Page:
On Sunday, the National Baseball Hall of Fame elected Negro League baseball players Buck O'Neil and Bud Fowler.
John "Buck" O'Neil, played for the Memphis Red Sox and Kansas City Monarchs as a first baseman and manager in the Negro League from 1937 to 1948. In 1962, the Carrabelle, Florida native became the first black coach and scout for the MLB's Chicago Cubs for only one year.
According to the Society for American Baseball Research, O'Neil "was grandson of a slave and became one of the great storytellers of the Negro Leagues."
O’Neil received a scholarship to Edward Waters College, an HBCU in Jacksonville, FL. Baseball coach Ox Clemons nicknamed him “Country” and also made him a lineman on the football team. O’Neil attained his high school diploma and two years of college. SABR on Buck O'Neil
Documentary filmmaker Ken Burns on Buck O'Neil finally getting into the Hall of Fame:
The Negro Leagues Baseball Museum on Buck O'Neil:
A smooth-fielding first baseman for the Kansas City Monarchs as they won four consecutive Negro American League pennants (1939-1942), O'Neil hit .353 as the Monarchs swept the Homestead Grays in the first World Series played between the Negro American League and the more established Negro National League. That year, 1942, also marked the first of his three appearances for the West squad in the All Star game.
Teams: Miami Giants (1934), New York Tigers (1935), Shreveport Acme Giants (1936), Memphis Red Sox (1937), Zulu Cannibal Giants (1937), Kansas City Monarchs (1938-1943, 1946-1955), military service (1943-1945)
According to Brian McKenna for SABR, "John "Bud" W. Jackson Fowler Jr. was one of the true pioneers of American baseball, one so far overlooked by the National Baseball Hall of Fame. In black baseball history, he is the pioneer. His resume includes a long list of firsts. He is the first acknowledged African-American professional player — way back in 1878 before there were any black teams of consequence. He was the first to play on integrated teams, typically the only dark face on the roster; in fact, he preferred white clubs because they fielded the best nines and offered the stiffest competition through much of his career. As such, he was the first significant black player in the United States. As researcher and author Robert Peterson declared, “Frank Grant, Bud Fowler and George Stovey were unquestionably of major-league star caliber.”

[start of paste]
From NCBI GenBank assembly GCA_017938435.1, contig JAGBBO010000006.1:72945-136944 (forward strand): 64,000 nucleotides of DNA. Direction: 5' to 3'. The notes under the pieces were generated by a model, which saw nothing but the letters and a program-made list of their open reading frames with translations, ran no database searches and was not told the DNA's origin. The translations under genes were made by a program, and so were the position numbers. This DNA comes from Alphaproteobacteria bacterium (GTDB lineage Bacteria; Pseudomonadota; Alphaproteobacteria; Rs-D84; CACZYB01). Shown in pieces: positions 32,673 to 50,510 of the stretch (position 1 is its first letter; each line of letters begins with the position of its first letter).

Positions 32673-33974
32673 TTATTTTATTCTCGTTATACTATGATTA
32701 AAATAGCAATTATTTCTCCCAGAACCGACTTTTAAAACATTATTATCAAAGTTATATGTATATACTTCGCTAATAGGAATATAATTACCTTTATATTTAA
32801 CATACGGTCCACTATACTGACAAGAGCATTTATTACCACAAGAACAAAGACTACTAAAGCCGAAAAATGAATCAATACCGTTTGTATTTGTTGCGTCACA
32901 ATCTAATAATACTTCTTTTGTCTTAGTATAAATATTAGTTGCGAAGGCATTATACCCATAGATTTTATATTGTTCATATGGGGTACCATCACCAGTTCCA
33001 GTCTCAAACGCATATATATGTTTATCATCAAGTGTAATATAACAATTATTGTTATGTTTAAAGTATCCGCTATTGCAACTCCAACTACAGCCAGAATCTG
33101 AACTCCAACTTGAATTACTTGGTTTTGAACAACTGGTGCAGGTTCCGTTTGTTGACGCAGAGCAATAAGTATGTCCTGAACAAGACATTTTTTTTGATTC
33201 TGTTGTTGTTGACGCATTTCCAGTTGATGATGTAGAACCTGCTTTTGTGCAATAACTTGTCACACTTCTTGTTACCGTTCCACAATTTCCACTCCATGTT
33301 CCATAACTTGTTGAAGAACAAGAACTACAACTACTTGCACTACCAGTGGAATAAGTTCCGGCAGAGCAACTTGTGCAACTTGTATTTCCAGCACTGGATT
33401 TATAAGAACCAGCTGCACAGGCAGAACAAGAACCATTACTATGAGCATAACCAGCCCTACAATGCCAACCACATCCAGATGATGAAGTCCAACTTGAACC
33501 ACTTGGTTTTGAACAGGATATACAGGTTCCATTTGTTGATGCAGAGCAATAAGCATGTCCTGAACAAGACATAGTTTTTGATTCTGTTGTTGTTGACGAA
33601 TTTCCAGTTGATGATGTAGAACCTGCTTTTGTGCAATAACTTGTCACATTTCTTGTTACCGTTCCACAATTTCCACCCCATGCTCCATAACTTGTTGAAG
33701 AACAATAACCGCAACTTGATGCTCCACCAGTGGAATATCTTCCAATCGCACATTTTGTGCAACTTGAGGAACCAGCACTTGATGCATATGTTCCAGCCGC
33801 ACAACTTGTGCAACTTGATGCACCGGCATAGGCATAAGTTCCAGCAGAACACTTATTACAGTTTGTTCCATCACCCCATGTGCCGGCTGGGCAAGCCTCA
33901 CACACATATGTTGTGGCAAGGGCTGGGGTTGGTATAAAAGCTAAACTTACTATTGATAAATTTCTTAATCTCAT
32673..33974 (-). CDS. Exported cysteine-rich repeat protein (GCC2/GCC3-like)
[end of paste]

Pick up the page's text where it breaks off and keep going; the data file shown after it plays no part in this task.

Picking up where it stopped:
McKenna wrote, "Fowler is consider the first black player to participate in organized baseball and first to captain as integrated club."
He was born in Fort Plain, NY on March 16, 1958 and died in Frankfort, NY on February 26, 1913.
His nickname was “Bud” because that’s how he referred to everyone, but more often he was identified in print as the “colored” ballplayer, or “darkey” or merely “the coon.” One newspaper sarcastically referred to him as “not a blonde.” SABR on Bud Fowler
The Negro Leagues Baseball Museum on Bud Fowler:
"He was the first professional black ballplayer, beginning his career in 1878, only one year after the first minor league was organized. Born John W. Jackson, the son of a fugitive hop-picker and barber, he lived in Cooperstown, New York, as a youngster, and may well have learned the rudiments of baseball on the sandlots of the region. For some undiscovered reason he took the name of Bud Fowler when he began playing professionally. Unsubstantiated reports that he played with the Washington Mutuals in 1869 and with a Newcastle, Pennsylvania, team in 1872 cannot be confirmed and are improbable."
Teams: Minor leagues (1877-1879, 1881, 1884-1899), Page Fence Giants (1895), Cuban Giants (1898), Smoky City Giants (1901), All-American Black Tourists (1903), Kansas City Stars (1904)